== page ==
I’d once again like to give a respectful, appreciative nod toward BoardGameGeek’s latest Latin American games roundup. It includes the winner of Argentina’s King Alfonso Awards, Corona de Hierro, a game of political influence in medieval Italy, and  Dwar7s Fall, a Brazilian game of tile and worker placement that recently won the family category of that country’s Prêmio Ludopedia. Board gaming has really taken off in South America and with it has come that same ravenous appetite for political intrigue, economic management, fantasy battles and even calf-pumping cycling.

Over on Kickstarter, designer Patrick Leder is showing off Vast: The Mysterious Manor, his follow-up to the successful Crystal Caverns. Just like in that game, players take on roles that each have a unique objective, including an enchanter, a paladin, a team of skeletons, a spider and even the house itself, should they want to express themselves through a bit of window-rattling or floorboard-creaking.

The Mysterious Manor is compatible with Crystal Caverns, with scenarios that claim to let them click together as comfortably as collegiate crabs, meaning Leder might be assembling some sort of gigantic, board gaming beast should he have any further ambitions for the series.

Also getting a re-release soon is Fiasco, one of our favourite RPG experiences, with sneak previews peekable at Origins Game Fair next week. The game of clumsy heists and less-than-competent crime capers will be slightly altered, but a representative from publisher Bully Pulpit Games has said that they won’t be reinventing the wheel and instead only plan to add some “really good ideas for the game in a different format.”

RPG Review: Fiasco

RPG Review: Fiasco

Finally, we have a tiny bit of news of our own to announce. Shut Up & Sit Down’s YouTube channel passed 100,000 subscribers this weekend, while we were out having a great time at the UK Games Expo, and so we’d like to thank you all for the tremendous support you’ve shown us over the years. 100,000 is a number that’s difficult to properly parse, especially as our YouTube channel still feels very new. We were on Vimeo for years and then hosted on other people’s channels first.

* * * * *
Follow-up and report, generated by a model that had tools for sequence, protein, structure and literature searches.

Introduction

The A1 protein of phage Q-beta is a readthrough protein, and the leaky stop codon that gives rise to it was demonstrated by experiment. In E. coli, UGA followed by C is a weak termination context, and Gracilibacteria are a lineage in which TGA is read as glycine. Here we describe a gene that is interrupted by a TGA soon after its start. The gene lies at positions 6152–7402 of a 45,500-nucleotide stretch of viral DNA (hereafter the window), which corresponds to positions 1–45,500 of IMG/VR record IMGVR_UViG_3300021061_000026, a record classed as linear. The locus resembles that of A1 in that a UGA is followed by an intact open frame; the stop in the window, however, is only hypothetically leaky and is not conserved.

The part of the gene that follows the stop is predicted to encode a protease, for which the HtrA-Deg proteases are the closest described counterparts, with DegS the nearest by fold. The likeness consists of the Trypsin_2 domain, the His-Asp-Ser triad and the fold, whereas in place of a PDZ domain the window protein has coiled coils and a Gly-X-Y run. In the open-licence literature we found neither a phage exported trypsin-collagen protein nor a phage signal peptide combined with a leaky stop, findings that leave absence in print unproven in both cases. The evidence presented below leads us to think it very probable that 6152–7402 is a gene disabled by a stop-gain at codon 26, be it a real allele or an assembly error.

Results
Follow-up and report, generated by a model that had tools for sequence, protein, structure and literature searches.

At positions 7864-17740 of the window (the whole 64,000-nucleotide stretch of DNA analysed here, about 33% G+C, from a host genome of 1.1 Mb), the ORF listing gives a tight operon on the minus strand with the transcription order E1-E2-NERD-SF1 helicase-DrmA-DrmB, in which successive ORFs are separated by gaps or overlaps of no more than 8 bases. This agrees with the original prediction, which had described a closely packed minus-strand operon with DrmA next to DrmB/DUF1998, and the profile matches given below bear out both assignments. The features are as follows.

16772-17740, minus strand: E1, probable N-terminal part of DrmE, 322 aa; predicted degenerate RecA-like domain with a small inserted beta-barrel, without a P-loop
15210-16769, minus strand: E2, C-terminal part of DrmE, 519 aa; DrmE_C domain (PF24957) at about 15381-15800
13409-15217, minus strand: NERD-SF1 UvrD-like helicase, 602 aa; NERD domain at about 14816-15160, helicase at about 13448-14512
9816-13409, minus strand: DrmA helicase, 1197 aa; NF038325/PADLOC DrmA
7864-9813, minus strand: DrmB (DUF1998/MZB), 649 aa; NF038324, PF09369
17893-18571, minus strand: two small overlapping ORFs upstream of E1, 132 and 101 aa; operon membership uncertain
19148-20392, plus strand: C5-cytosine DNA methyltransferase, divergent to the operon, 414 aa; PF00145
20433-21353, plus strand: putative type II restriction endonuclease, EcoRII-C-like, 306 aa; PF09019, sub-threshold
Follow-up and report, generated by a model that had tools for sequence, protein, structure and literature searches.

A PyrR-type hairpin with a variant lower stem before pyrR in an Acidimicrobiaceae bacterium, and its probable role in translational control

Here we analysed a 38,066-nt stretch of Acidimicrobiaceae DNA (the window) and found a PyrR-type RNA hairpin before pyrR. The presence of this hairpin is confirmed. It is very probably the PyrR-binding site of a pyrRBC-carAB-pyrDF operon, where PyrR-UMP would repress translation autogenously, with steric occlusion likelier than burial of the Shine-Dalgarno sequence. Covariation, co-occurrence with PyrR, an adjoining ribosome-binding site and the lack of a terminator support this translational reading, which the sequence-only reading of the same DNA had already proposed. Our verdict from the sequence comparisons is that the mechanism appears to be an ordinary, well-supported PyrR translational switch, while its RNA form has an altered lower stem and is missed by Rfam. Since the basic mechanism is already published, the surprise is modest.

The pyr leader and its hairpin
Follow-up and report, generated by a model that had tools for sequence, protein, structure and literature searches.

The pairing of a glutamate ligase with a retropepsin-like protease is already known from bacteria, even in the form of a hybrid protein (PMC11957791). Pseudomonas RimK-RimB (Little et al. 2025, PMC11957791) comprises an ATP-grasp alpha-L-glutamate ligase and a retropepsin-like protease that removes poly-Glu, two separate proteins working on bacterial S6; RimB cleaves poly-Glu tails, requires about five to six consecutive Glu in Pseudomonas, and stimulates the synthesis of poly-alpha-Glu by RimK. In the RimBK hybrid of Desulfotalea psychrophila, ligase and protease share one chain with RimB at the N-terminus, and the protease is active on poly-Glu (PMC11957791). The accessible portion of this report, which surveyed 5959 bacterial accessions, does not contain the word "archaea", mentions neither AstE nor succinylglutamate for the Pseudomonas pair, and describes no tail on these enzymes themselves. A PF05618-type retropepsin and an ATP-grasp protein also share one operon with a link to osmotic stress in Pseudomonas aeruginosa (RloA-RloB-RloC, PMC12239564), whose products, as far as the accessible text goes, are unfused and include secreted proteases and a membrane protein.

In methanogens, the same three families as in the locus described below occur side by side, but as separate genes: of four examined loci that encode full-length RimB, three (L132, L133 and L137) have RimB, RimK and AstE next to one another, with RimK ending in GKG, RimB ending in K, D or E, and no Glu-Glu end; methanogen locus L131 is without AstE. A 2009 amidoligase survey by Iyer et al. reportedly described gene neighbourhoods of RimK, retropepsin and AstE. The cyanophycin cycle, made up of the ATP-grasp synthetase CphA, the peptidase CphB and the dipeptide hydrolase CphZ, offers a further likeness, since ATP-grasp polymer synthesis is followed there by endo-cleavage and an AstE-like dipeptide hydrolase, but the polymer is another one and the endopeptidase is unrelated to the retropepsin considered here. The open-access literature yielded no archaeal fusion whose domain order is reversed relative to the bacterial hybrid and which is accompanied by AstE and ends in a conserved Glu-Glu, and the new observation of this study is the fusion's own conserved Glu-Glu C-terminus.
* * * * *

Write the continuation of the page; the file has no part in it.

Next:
I can’t imagine what 100,000 people look like, but after meeting so many SU&SD viewers this weekend, we got constant and wonderful reminders of what a friendly, kind and welcoming community you are. The numbers matter far less than the fact that you are all so terrific and contribute so much positivity to the hobby. Thank you for choosing to watch Quinns fall in a canal, Matt try Future Chess and me play guitar on a balcony. It makes all the difference to have such a great audience and to work with such great colleagues.

The original article can be found on the fantastic Shut Up & Sit Down

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Review: War of the Ring

If you were looking for one game to rule them all,War of the Ring might be it. This magical game has more than 200 plastic miniatures, 40 pages of rules and a depth that most board games could only dream of.

But what will Matt and Quinns make of it? For one thing, this wouldn’t be the first time that Lord of the Rings was accused of being too long.

Click play, and let their opinions seep into your very bones.

The original article can be found on the fantastic Shut Up & Sit Down

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Podcast #78: Paul’s Good Lamp Years

Rain falling on cracked windowpanes. Once-boisterous assembly rooms, now silent. Mr. Paul stalks the halls of his once-proud lamp factory, his mind a warren of regret. How did my business venture go so wrong?

Excitingly, this week on the Shut Up & Sit Down podcast Paul and Quinns discuss their experience of running 19th century factories in the ENORMOUS game of Arkwright.  Also, there’s chat about why Quinns didn’t get along with the beautiful new edition of card game High Society, the pair once again discuss the superb NMBR 9, and Quinns talks about being a brave weather fairy in the game of Broom Service.